African American (2.7%)
) .7% 23 ( s te le th
(33.7%) eration Gen t s Fir
Male (44% )
Asian American (6.4%)
Intern atio na lS tu de n
Leg aci es (9. 3% )
First-year Students ) .7% (2 s t
Transfer Students 3.54 average G.P.A. 39 states represented
Fall 2016 | 3
Celebrating Theta’s past, present and future
K AYLEIGH MEYERS ´16
by Shayla Funk ’18 and Makenzi Hughes ’18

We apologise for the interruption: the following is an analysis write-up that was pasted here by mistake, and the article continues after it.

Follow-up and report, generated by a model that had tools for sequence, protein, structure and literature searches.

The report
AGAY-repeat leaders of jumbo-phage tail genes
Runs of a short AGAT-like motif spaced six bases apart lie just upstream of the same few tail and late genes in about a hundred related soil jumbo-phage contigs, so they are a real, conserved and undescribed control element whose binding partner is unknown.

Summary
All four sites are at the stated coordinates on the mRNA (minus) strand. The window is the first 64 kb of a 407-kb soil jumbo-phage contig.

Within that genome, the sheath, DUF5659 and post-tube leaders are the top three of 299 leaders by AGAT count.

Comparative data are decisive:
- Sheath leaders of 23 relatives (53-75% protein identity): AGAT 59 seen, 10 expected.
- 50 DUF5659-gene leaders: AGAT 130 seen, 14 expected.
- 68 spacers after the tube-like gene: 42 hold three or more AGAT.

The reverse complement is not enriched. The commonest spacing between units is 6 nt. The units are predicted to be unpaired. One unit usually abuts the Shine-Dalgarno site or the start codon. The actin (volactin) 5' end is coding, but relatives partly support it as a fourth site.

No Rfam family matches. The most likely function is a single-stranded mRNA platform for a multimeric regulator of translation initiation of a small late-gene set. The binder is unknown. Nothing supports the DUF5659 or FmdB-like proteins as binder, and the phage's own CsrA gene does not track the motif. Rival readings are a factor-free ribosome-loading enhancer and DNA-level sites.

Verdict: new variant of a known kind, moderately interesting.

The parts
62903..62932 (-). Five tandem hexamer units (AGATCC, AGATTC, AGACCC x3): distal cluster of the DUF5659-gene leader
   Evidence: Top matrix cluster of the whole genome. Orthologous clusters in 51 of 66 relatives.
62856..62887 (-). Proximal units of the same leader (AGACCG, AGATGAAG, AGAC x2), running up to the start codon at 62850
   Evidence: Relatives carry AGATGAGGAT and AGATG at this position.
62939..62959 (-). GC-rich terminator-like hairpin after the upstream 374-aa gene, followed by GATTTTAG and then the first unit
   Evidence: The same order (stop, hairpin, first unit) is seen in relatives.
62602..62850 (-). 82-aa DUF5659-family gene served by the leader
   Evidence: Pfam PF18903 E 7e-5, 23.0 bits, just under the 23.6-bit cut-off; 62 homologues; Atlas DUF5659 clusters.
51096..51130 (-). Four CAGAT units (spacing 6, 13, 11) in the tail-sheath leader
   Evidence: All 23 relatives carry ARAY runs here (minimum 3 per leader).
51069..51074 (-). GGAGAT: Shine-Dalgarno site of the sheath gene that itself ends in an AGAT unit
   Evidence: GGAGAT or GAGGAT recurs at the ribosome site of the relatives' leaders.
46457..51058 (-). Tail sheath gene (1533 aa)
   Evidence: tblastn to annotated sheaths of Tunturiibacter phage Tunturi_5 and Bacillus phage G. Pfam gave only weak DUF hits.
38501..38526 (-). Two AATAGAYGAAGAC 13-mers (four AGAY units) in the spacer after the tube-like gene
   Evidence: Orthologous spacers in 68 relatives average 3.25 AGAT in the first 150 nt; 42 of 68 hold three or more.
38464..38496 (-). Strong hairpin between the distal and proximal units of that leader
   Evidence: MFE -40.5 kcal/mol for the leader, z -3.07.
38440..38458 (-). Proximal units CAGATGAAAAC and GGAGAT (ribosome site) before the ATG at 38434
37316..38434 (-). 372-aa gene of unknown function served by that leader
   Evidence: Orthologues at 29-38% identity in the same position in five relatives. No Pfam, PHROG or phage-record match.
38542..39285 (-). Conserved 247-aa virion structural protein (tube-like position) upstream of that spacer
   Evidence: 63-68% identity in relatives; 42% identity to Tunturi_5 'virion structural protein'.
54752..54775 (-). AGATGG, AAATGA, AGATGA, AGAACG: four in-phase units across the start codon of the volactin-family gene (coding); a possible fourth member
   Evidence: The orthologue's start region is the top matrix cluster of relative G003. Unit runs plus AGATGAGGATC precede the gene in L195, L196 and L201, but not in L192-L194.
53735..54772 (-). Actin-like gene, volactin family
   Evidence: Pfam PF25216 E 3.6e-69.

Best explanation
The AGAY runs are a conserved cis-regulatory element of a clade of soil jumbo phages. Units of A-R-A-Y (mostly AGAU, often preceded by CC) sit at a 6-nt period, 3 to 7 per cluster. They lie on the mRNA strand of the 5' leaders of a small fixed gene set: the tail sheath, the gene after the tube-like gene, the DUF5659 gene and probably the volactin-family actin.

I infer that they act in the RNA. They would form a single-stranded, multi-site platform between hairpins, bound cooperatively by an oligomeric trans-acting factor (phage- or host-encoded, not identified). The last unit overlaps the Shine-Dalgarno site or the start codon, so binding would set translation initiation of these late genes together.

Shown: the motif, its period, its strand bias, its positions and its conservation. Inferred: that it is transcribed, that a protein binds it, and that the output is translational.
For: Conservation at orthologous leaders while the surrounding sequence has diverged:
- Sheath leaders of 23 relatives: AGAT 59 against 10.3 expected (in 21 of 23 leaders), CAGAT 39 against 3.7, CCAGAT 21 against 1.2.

t the corner of Sylvan Boulevard and Grove Street sits a little blue house filled with history. Built in 1892 and lived in as a family home for many years, the house was purchased by the University in 1965 and around a decade later became home to the Alpha Theta Phi sorority. Fast-forward 40 years, and maintaining this historic house—the oldest structure on the University campus—had become a high priority to the active members of Alpha Theta Phi. Members of the sorority began to fundraise for the “Backyard Project” in October of 2015. The work was a collaborative effort with the University, current Theta actives and their advisors, alumnae and a private contractor, Miller Construction, with final plans completed in late March 2016. The contractors did a wonderful job ensuring completion before Commencement so that Theta seniors could invite their families to the house for our annual graduation photos. Many people remember the backyard as bare, aside from a few oak and orange trees. The members of Theta wanted to change that. They imagined a backyard that represented the growth and success of the sorority and illustrated the qualities of character, companionship and culture. With this in mind, they envisioned a brick pathway as the backyard’s main feature, expanding into a tree-like shape. The tree was designed to honor the founders of the sorority, with their names engraved on the bricks. As the tree expands, so do the number of sisters. Alumnae and active Theta members who donated to the Theta House Fund were able to engrave a brick—brick size denoting a specific amount—with Theta pledge class names as well as names of members’ sisters who had touched their lives or they wished to memorialize. 4 | OchTamaleMagazine.net